Switching gears again in industry four point o because it really does drive the period operations.
So brief history lesson on on industrial revolution. So I'm I'm focusing on that little chart at the top there. The first industrial revolution, late seventeen hundreds, was all about steam, water. When we we had mechanized power, that was a huge technology change.
The weaving loom water wheels, those kind of things really change because we no longer relied on our muscles or a piece of burden to do the work for us. The second industrial revolution nearly a hundred years later was mass production and then later aided by electricity. So we think of the Henry Ford model t production line. It wasn't the first example of mass production, but that's a shining example of it.
This really changed everything. This was a huge technology change that ushered in, and it changed all aspects of our lives, and and and very much in all forms of, manufacturing, including food and beverage production. The third industrial revolution in the late nineteen sixties was about robotics, automation, aided with computers.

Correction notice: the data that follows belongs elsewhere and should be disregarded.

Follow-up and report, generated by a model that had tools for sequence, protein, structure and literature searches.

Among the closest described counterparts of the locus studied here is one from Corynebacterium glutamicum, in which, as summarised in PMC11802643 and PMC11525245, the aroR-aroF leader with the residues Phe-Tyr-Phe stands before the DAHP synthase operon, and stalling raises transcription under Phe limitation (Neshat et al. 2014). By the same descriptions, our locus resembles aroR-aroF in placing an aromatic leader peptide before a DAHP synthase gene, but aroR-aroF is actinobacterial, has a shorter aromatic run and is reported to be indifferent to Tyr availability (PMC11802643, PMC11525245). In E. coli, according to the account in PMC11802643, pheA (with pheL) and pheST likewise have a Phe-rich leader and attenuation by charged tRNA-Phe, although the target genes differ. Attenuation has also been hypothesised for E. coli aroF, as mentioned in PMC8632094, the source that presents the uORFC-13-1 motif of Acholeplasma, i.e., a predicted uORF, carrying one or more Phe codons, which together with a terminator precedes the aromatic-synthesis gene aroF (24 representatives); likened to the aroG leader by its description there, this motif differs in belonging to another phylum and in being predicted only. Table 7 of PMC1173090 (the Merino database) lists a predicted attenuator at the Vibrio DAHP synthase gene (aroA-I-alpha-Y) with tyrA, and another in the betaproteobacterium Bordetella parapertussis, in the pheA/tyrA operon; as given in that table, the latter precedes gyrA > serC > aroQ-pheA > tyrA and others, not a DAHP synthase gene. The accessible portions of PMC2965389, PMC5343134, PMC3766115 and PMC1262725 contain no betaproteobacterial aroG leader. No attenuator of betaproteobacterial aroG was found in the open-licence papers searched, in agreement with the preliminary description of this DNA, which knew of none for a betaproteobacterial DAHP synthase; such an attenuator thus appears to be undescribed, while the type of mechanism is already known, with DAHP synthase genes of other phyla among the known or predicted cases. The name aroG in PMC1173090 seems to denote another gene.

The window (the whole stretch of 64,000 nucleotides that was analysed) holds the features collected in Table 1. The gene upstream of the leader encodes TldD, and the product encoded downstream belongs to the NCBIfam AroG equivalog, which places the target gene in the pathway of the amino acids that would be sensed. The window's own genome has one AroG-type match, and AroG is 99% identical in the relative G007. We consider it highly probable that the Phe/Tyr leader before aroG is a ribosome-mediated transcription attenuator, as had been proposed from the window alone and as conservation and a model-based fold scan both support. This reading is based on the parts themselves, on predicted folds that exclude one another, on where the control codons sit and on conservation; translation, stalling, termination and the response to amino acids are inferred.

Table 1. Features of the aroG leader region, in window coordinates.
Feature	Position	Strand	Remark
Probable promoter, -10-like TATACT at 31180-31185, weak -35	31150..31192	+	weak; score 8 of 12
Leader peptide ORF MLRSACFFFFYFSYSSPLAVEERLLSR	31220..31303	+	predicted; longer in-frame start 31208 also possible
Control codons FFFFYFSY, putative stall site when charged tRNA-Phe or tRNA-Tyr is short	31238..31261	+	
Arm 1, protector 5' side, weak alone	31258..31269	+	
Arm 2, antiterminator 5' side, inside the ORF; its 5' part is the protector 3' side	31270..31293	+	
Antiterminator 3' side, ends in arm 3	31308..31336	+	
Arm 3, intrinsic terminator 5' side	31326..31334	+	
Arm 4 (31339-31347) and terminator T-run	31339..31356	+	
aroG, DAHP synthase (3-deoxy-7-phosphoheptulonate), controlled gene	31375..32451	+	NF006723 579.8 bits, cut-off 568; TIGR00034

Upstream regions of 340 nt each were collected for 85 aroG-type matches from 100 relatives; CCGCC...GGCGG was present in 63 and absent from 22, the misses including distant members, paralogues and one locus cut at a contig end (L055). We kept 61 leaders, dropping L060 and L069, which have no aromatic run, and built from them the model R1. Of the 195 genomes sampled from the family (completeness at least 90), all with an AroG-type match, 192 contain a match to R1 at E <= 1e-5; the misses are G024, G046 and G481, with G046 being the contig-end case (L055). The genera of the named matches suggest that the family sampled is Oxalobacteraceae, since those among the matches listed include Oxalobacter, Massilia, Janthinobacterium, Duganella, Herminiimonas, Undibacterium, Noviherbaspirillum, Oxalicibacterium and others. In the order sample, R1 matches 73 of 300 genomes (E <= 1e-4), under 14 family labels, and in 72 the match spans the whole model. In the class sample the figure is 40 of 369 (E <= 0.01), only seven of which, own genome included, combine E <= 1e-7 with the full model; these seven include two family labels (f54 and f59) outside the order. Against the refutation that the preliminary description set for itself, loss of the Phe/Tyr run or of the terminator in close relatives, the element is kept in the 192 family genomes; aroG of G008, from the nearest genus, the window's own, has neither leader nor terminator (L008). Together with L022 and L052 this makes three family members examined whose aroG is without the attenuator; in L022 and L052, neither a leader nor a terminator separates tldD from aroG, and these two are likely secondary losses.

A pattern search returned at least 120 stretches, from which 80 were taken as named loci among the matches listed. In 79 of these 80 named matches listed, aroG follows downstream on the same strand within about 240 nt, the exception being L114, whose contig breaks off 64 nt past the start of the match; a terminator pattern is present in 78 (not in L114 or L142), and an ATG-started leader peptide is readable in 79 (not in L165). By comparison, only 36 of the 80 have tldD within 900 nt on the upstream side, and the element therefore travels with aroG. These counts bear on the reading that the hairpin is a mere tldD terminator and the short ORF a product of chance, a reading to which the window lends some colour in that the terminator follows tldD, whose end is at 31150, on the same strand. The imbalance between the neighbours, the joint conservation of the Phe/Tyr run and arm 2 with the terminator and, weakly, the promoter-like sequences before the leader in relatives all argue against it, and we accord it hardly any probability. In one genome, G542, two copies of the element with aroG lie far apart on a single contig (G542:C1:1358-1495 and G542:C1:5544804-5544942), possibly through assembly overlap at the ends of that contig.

Now we're in the fourth industrial real revolution right now. And the thing that's interesting about this is these industrial revolutions are starting to come faster and faster The fourth industrial revolution is everything we talked about, but it really comes back to the interconnected nature of everything we do. By connecting our people, our software, our assets, our buildings, and sharing data across all of those.
Is what industry four point o really shines. Now the bottom of that screen, there's a bunch of technologies there. I'm just gonna mention a few. There's a whole bunch of technologies that are combined into this lump bucket of the fourth industrial revolution or industry four point o. Three d printing and, artificial intelligence and machine learning, blockchain, the internet of things They're all used in different applications.
And we'll just touch on a couple of the promising areas.
So The internet of things that left chart right there, it's really our buildings, our facilities, our vehicles, our assets telling us when they're not feeling well. You're running too hot. You've run too long. You got a clog filter. Tell the humans they need to come and address that.